Even a year later, when mentioning the surgery it doesn’t take much for tears to start brimming behind my eyes, and for my hands to begin shaking. Memories are powerful and trauma is a bitch.
But I wanted to write about Cauda Equina Syndrome, and my recovery in more detail.
Firstly because it’s very rare (and information from actual patients is scarce), but also because I want to try and do my part in helping to educate people about it.
I already wrote about the day I got diagnosed in detail (you can read that here, if you want to).
What is Cauda Equina Syndrome?
Cauda Equina Syndrome is a rare, extremely scary, life-changing spinal condition that can, within 24-48 hours, permanently damage the nerves in your legs, pelvic area and lumbar region.
Because damage to nerves has a lasting effect, this usually means, if you don’t receive emergency spinal surgery within 24-48 hours of the symptoms appearing or being diagnosed, the function, and sensation, of the pelvic area, legs, bladder and bowels can be permanently lost.
For the rest of your life.
For many people, this means paralysis, permanent wheelchair use, loss of bladder use, and lifelong incontinence.
Spinal cord injuries like Cauda Equina Syndrome can have a devastating impact on your life.
It is a hugely serious, and life-altering condition, which isn’t widely spoken about.
I had visited different Doctors multiple times during during my 20s about my sciatic pain and back symptoms, and never, had anyone mentioned Cauda Equina Syndrome and the red flags to look out for. Even though I was already presenting with at least one of the symptoms.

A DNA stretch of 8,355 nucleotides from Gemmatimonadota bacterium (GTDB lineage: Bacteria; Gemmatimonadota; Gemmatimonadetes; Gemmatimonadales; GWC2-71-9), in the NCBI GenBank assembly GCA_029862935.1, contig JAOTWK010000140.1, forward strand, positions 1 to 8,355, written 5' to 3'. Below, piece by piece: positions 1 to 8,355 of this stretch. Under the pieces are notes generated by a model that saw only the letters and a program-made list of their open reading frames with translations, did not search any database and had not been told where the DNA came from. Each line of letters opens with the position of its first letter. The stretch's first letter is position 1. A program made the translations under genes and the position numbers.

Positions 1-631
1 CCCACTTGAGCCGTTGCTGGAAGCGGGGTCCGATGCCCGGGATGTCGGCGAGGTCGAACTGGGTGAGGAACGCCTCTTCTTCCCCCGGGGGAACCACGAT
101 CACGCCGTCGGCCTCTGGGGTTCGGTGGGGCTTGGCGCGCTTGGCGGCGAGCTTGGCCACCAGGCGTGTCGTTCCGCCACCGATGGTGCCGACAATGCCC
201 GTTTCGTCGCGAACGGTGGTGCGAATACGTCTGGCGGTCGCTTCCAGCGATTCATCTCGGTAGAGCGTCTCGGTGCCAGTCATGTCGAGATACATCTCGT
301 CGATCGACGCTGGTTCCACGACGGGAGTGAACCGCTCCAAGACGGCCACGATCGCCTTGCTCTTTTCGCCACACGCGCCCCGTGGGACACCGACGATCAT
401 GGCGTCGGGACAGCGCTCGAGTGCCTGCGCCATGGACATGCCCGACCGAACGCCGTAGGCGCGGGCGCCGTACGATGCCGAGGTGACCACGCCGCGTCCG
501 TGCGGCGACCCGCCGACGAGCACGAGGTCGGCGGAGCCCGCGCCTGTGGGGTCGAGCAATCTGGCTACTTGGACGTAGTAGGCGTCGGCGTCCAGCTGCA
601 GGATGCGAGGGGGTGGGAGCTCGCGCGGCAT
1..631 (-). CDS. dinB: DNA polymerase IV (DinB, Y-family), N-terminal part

Even post-surgery, I found myself having explain to various doctors what Cauda Equina Syndrome actually was, because a lot of them had no idea.
What causes Cauda Equina Syndrome?
Cauda Equina Syndrome is a spinal cord injury that happens when the Cauda Equina nerves in your lower spinal canal become crushed or damaged. But the cause of this damage can differ from person to person.
For me, it was a fully prolapsed disc that caused Cauda Equina Syndrome.
Upon reflection, we think the original slip was caused by an accident in high school (I fell onto a hard tiled floor), because that’s when my chronic sciatic pain started.
Since then, the disc has been progressively getting worse and worse each year, pushing further into my spinal canal until it became dangerous, and became Cauda Equina Syndrome.
I’m going to try and be painfully honest about symptoms, and about my body – because I think it matters.
For your reference, the red flags of CES are;
- Loss of bladder sensation
- Bladder retention (which means not being able to pee – even when you feel like you need to)
- Bowel incontinence
- Loss of sensation around your bum
- Sciatic pain and nerve pain in your legs
- Numbness or sensation changes in your ‘saddle area’ (this is the area of your body that would touch a saddle, if you were sat on a horse).
- Unexplained pins and needles
- Leg weakness and drop-foot
- Sexual problems and loss of sensation during sex (for men, this may mean the inability to get an erection).
For me, my personal warning signs were:
- I had unbearable sciatic pain in both legs, and it was constant agony. It was the most pain I could imagine, like hot lightning bolts of pain shotting through my legs and bum. Anytime I walked or stood up. I was experiencing so much pain I couldn’t stand up for longer than a minute at a time.
- I had mild bowel issues, which I mistakenly assumed were related to IBS. I now know, it was caused by continuous nerve damage.
- I was getting mild skin numbness and sensation changes around my lower back and bum.